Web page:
Who's Got Your Back, LCPD?

I haven't posted anything on the Chris Smelser case because I wanted to wait until after the preliminary hearing for 2nd degree murder, a charge filed by the state attorney general's office following the death of Antonio Valenzuela. The AG added a charge of great bodily harm, which doesn't surprise me. In the event that a jury will not convict on 2nd degree murder they want to give them an alternative. I call it fishing for a conviction.

After two days of testimony Chris was bound over for jury trial, which should come as no surprise to anyone familiar with the criminal justice system. I fully expected it.

Being bound over is no indication of guilt. All it simply means is that enough probable cause exists to believe that a crime may have been committed. It is similar to an officer making an arrest based on information he or she receives in the field before taking a suspect into custody. It is not a conviction and it certainly doesn't mean that a jury of his peers will see the charges as the prosecution hopes they will. Had the case gone before a grand jury, which it would have in the absence of the COVID pandemic, the outcome would have been the same.

I found certain testimony interesting, particularly that of Shane Briscoe, an LCPD lieutenant in charge of defensive tactics instruction for the department. He is still clinging to the belief that vascular neck restraints are safe. Safer even than an arm bar takedown, according to his testimony. That is a preposterous statement. I've never heard of anyone dying from an arm bar takedown, but I do know that people die in situations that involve a combative suspect and an officer trying to control that suspect using the VNR. That is why so many departments dumped the VNR and forbid their officers from using it. In fact, the only department teaching it and authorizing its use in the state of New Mexico was LCPD. So the conclusion is this: either Shane Briscoe is right and all the other law enforcement agencies within the state and nationwide that refuse to teach VNR are wrong, or there is some seriously flawed thinking within the LCPD.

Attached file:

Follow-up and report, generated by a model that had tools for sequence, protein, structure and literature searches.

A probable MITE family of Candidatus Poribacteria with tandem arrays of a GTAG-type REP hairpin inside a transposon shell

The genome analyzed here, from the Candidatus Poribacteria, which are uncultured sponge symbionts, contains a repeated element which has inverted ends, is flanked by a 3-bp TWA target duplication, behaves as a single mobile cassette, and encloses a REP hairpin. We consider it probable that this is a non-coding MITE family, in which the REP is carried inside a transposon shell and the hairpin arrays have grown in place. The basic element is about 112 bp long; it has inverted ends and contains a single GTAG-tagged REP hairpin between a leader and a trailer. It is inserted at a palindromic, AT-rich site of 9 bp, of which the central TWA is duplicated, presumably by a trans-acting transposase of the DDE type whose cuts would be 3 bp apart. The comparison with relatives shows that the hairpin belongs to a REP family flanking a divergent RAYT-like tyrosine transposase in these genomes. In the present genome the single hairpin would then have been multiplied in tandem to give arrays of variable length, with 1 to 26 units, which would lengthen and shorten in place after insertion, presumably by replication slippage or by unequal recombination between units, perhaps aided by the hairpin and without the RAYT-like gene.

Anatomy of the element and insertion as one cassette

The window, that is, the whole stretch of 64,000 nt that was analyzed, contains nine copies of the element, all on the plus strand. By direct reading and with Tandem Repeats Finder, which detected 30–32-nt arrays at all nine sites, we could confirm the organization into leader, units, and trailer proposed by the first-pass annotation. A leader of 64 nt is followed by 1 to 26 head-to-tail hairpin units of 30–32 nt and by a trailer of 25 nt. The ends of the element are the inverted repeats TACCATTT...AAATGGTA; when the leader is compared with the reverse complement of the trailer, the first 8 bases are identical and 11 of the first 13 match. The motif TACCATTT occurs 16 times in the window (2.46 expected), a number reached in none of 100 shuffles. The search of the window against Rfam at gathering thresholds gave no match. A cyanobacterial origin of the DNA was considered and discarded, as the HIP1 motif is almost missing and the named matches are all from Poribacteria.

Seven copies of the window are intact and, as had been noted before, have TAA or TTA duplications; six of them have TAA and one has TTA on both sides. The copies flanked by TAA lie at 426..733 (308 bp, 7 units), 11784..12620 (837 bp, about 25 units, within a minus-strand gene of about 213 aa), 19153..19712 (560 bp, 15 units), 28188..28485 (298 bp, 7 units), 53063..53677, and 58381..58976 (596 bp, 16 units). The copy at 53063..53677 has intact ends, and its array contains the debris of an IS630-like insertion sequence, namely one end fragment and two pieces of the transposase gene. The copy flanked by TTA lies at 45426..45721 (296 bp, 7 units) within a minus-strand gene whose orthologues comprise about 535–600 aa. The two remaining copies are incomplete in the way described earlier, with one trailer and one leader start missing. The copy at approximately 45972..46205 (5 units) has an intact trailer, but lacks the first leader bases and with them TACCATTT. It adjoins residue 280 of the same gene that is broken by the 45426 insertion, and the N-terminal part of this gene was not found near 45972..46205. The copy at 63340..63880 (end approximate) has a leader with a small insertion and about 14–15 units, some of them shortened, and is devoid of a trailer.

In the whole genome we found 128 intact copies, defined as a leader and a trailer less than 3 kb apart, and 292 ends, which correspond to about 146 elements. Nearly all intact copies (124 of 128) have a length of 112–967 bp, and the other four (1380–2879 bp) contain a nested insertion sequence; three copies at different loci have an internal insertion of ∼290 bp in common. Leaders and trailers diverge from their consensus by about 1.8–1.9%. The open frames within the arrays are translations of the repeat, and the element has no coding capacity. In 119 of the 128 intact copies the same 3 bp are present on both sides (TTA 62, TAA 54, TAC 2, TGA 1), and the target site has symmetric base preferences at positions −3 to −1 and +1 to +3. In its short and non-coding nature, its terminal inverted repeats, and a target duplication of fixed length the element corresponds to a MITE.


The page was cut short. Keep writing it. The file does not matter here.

Briscoe testified that he twice petitioned former Chief Gallagher to authorize use of the VNR and on the second request was granted his wish. Gallagher came from NYPD, a department that forbid the use of VNRs sometime around 1993. The NYPD stopped teaching the technique and refused to authorize its use because people were dying and not necessarily from officers applying it wrongly, as Briscoe claims Smelser did. Briscoe said Smelser held the VNR on Valenzuela too long, as if an officer attempting to control a violent suspect who is possibly armed has no higher priority during a struggle than to count one-Mississippi, two-Mississippi...

If VNR is so safe, why did LCPD ban it the day after Antonio Valenzuela died? I'll give you the short answer: cover your ass. And if you have to throw an innocent cop to the wolves, so be it. In fact, Gallagher ordered Briscoe, according to Briscoe's testimony, to write a report on the incident but not until Chris Smelser was charged more than three months after Valenzuela's death. Whaaaaaaaat??? A man died and three months pass before the chief decided that a use of force review needed to be written? By then, Smelser had been fired and so Briscoe wrote his report without ever interviewing the very officer involved in the incident. Briscoe has no idea how many times Smelser had to readjust the VNR on Valenzuela because the suspect was fighting and squirming around on the ground, yet he testified that Smelser did not perform the technique correctly and held it too long. Briscoe also testified that although he teaches VNR, he has never actually used it in the field on a suspect.